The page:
Putin cannot order these tedious problems to disappear and can only take a break from them by traveling abroad, finding comfort in the evidence found across Latin America that economic hardships do not necessarily endanger the existence of populist and authoritarian regimes. What is less comforting is the discovery that global public attitude toward Russia has turned sharply negative during the past year. Even in Brazil, 59 percent of respondents to the Pew Research poll now express an unfavorable opinion of Russia, against 52 percent who held that view a year ago (Kommersant, July 10). This shift is even more pronounced in Europe (in Germany, the unfavorable score has reached 79 percent), and Putin is desperately trying to find “soft power” instruments—from the export of corruption to spy scandals—that could improve Russia’s compromised international image (Kommersant, July 10). Foreign Minister Sergei Lavrov claims ad nauseam that Moscow is committed to a “peaceful solution” in eastern Ukraine. But no amount of hypocrisy aimed at European pacifism is likely to alter the fact that the war—which politicians of various persuasions prefer not to call by its name—is fueled by Russian interference.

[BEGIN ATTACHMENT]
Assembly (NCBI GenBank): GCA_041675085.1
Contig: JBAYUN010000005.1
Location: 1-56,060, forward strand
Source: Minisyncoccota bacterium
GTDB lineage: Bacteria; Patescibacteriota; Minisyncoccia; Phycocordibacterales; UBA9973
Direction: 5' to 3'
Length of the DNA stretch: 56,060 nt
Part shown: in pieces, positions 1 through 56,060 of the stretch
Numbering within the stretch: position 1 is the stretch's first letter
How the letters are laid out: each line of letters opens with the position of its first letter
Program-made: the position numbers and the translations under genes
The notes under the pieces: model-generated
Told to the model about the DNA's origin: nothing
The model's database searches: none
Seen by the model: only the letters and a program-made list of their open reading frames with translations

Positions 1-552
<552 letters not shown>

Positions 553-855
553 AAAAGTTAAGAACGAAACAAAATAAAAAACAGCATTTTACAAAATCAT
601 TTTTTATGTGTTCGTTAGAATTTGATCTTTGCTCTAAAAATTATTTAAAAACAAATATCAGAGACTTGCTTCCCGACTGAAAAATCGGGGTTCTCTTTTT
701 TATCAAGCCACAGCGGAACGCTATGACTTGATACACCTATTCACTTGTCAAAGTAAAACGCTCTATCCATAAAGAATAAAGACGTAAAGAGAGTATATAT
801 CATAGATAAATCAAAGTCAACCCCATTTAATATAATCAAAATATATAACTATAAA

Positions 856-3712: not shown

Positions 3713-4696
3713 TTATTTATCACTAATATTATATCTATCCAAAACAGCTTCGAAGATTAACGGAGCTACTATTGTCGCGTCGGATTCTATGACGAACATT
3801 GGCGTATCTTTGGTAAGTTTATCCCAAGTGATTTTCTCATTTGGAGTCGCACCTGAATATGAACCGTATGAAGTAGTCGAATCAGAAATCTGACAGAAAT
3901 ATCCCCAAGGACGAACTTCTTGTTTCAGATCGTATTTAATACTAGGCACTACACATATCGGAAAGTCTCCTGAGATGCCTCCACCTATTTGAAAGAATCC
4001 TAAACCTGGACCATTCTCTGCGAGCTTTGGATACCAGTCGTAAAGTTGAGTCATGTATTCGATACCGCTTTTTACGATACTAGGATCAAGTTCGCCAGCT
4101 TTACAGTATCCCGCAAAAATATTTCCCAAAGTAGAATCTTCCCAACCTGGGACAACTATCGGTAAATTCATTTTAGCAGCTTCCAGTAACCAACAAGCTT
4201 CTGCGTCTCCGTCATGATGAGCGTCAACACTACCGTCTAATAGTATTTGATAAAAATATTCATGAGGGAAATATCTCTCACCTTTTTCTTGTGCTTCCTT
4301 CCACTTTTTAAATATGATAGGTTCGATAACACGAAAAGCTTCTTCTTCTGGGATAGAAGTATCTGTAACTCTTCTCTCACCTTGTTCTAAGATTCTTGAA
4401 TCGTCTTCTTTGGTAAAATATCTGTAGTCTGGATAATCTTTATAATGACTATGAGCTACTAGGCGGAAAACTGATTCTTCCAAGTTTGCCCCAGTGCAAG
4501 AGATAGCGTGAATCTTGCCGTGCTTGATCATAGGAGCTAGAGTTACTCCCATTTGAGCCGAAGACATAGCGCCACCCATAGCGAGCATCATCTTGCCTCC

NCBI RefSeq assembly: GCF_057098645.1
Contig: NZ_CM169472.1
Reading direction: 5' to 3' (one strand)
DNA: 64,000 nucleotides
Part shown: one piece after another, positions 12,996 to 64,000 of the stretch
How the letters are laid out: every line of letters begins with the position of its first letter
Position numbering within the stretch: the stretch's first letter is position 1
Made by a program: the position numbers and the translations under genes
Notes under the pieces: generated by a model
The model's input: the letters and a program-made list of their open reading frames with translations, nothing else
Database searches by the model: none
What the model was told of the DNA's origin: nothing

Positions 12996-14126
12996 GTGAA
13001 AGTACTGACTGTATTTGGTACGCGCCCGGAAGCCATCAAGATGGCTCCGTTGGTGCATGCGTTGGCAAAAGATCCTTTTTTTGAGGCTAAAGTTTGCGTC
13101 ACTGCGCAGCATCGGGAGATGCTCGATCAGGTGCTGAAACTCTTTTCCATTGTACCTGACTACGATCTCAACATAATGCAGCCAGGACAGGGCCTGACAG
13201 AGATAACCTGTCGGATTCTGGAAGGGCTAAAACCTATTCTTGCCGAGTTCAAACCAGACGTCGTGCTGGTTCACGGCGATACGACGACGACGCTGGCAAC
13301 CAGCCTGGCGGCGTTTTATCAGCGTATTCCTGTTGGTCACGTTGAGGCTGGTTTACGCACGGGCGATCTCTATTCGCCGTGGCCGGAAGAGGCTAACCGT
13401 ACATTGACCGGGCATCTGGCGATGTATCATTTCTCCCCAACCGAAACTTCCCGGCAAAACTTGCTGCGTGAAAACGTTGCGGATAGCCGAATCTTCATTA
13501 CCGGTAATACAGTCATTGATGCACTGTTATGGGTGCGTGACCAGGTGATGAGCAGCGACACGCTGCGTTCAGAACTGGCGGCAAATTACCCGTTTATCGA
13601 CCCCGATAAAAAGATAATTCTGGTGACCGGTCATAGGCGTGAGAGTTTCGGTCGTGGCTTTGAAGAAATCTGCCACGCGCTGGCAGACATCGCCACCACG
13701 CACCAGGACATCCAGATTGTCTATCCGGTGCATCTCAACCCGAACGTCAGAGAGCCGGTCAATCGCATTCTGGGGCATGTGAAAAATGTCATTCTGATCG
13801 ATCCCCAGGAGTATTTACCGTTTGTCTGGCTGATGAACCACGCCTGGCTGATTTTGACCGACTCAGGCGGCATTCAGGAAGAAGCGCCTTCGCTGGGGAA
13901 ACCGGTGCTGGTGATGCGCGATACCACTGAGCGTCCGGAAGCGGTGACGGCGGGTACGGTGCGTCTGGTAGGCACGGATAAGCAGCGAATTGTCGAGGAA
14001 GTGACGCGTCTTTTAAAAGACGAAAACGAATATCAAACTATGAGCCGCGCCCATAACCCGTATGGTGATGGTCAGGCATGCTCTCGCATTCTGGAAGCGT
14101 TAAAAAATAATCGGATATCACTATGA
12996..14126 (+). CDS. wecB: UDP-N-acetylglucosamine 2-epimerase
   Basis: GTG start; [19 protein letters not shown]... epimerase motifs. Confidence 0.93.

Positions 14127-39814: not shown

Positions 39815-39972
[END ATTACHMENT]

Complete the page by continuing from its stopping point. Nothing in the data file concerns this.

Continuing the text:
The issue in this war is not when the blue-and-yellow flag will be raised over Donetsk and Luhansk but where the hysteric anti-Ukrainian and anti-Western propaganda will lead Russia and how this country can possibly raise itself from the quagmire of authoritarian degradation. The weakness of Russia’s petro-economy, domestic outrage over scandalous social inequality, and the cowardice of its corrupt elites are all too obvious and preclude the sustainability of the “patriotic” momentum. The depth of the rift between Russia and Ukraine, created by localized but highly charged hostilities, is such that a return to normalcy of manageable trade wars and routine quarrels about “values” is not just far-fetched, but now a truly impossible proposition. Russia cannot hope to regain its status as a troublesome but legitimate inhabitant of the all-European house, as was conceptualized by the late Eduard Shevardnadze. He had broken with Mikhail Gorbachev over the threat of a self-destructive dictatorship, which has indeed arrived 25 years later—and may still inflict great damage before its inevitable collapse.